Listening is especially important when we are trying to support a loved one during a period of illness.
We might think we're a good listener but during an emotionally charged conversation, our minds can become clouded with our own emotions, which in turn can block us from truly listening to each other. If a friend or family member has ever remarked to you, "You're such a good listener" it is very likely that you've been demonstrating one or more of the following aspects of active listening. In italics I have added some training notes with the hope that they'll help you to develop your skills further:
1. Face the speaker, and maintain eye contact for long enough without being intimidating - instead take a few seconds break and look at their mouth, their left eye or right eye. Keep an open posture and lean in to the other person slightly - this conveys you are interested and switched on to listening; avoid crossing your arms as this is a defensive posture. Do not look away as this might convey you are in discomfort or bored. This element may indeed cause discomfort to some novice 'active' listeners and so try practising these skills covertly when you are relaxed socially with friends or family members.
2. Listen to non verbal cues, i.e. facial expresssions, tone of voice, gestures and body language. A recently bereaved family member with a big smile on their face, with crossed arms and hunched shoulders maybe hiding what they are really feeling.
3. Avoid interruptions as this can be frustrating for the speaker. It also communicates to them that what you have to say is more important. Allow for pauses and a few moments of silence before jumping in with your own words. This gives the speaker time to gather their thoughts and allows for self reflection. If you are a well practised 'interruptor', try breaking the habit by behaving in the opposite way with friends and family members.
4. Listen without judging and avoid jumping to conclusions as this will hinder your listening to additional parts of the conversation. Also, don't assume you know what's going to be said next. For five minutes - practice with a close friend the art of just listening to what they are saying. Ask them for feedback on the quality of your listening, and swop over and sense what it feels like to being listened to without any interruptions.
5. Keep your mind clear and don't plan what to say next. It is impossible to actively listen and prepare what to say at the same time. Do the exercise in point 4 for five minutes, and swop over. Experience how it feels to hold back on what is burning away inside you.
6. Indicate you're listening, e.g. nod your head, smile and make affirmative gestures such as "yes" and "uh huh" to indicate you are tuned in - which in turn, encourages the speaker to continue. Being distracted with your phone or playing with your hair demonstrates the opposite and will discourage the speaker from opening up to you. Practise this aspect in exercises 4 and 5 with a close friend or work colleague, and get feedback, swop over and feel what it's like to be really listened to.
7. Don't impose your solutions or opinions. This helps to create a safe space for the speaker to vent their feelings rather than pressurise them to respond to your solutions. If you really must share your solution offer it up as a possibility by asking, "would you like to hear my suggestion?"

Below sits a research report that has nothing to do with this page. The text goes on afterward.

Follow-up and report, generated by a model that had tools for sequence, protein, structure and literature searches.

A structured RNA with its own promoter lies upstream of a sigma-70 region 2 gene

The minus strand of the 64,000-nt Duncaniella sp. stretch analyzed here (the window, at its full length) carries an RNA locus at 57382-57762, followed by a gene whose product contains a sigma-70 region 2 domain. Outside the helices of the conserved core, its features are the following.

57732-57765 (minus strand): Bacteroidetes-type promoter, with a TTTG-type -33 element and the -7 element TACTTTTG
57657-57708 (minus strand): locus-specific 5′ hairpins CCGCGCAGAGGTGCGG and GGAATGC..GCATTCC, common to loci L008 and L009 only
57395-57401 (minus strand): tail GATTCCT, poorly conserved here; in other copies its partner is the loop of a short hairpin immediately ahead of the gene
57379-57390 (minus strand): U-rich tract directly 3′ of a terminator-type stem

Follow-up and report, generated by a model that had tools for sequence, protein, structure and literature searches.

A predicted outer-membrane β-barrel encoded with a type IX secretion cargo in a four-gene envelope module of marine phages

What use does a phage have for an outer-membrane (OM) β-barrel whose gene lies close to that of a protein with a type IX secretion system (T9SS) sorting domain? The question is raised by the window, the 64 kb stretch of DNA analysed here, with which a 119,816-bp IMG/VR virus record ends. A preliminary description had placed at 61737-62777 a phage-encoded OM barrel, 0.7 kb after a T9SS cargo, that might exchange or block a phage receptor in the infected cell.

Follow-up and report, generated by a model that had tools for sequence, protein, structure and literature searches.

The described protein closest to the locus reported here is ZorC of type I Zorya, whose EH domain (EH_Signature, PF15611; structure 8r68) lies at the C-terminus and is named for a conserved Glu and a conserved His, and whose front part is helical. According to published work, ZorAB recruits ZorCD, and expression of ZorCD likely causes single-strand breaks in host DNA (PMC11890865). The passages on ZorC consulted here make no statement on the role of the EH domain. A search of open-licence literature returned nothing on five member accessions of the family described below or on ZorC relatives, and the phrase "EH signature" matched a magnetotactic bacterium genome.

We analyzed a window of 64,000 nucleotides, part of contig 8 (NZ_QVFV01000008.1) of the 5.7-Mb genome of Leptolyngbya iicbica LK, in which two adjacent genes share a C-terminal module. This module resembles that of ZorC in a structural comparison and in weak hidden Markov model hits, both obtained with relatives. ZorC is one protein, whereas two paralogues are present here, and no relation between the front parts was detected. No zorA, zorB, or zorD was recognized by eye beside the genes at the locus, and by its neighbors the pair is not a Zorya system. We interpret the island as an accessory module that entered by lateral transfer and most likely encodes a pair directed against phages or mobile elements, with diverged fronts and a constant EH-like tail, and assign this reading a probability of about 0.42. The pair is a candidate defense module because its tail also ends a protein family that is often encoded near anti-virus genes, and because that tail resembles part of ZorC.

8. Stay focussed. Choose an environment that has very few or no distractions. Ideally your phone should be switched off or silent during the conversation. Try repeating their words in your head as they say them - this will help you to concentrate and will reinforce what they're saying. Practise this skill also in exercises, 4-6.
9. Ask questions. They can help to convey that you've been listening and have understood the speaker. Choose closed questions when you just require a "yes" or "no" answer, e.g. "Did you mean this?" or use a clarifying question to verify "Can I just check that I understood what you were saying about...". Also, use open questions when you want someone to open up a bit more, e.g. "how did that make you feel?".
10. Paraphrase and summarise. This is also known as, 'reflecting', and basically means, repeating back what you have just heard, which indicates that you have been listening well. For example, "it sounds like you're saying..." or "it feels like you are saying..." This is an excellent skill to practise with close friends, using the examples in points 4, 5 and 6. Practise for 15 minutes, get feedback and swap over to experience what it feels like to be actively listened to.
Active listening takes lots of practise but I'm confident that by practising these skills with a friend you will become a more effective listener during 'real life' dialogues.
Whether or not you take on the skill of active listening I would like to conclude that supporting a person with an illness can be as simple as seeing them as a human being rather than as a sick person - after all - deep down they are still the same person you use to know before their illness. Lending them your shoulder to cry on and sitting with them (even when you are worried and in discomfort yourself) during a stressful diagnosis appointment are simple gestures of unconditional love and support.
If are struggling to support someone with an illness I can offer a listening ear and relaxation techniques to help you cope in this difficult time. Please call me on 910 665 601 for a short complementary consultation to discuss your current situation and to make an appointment. You can also send me an email to, firstname.lastname@example.org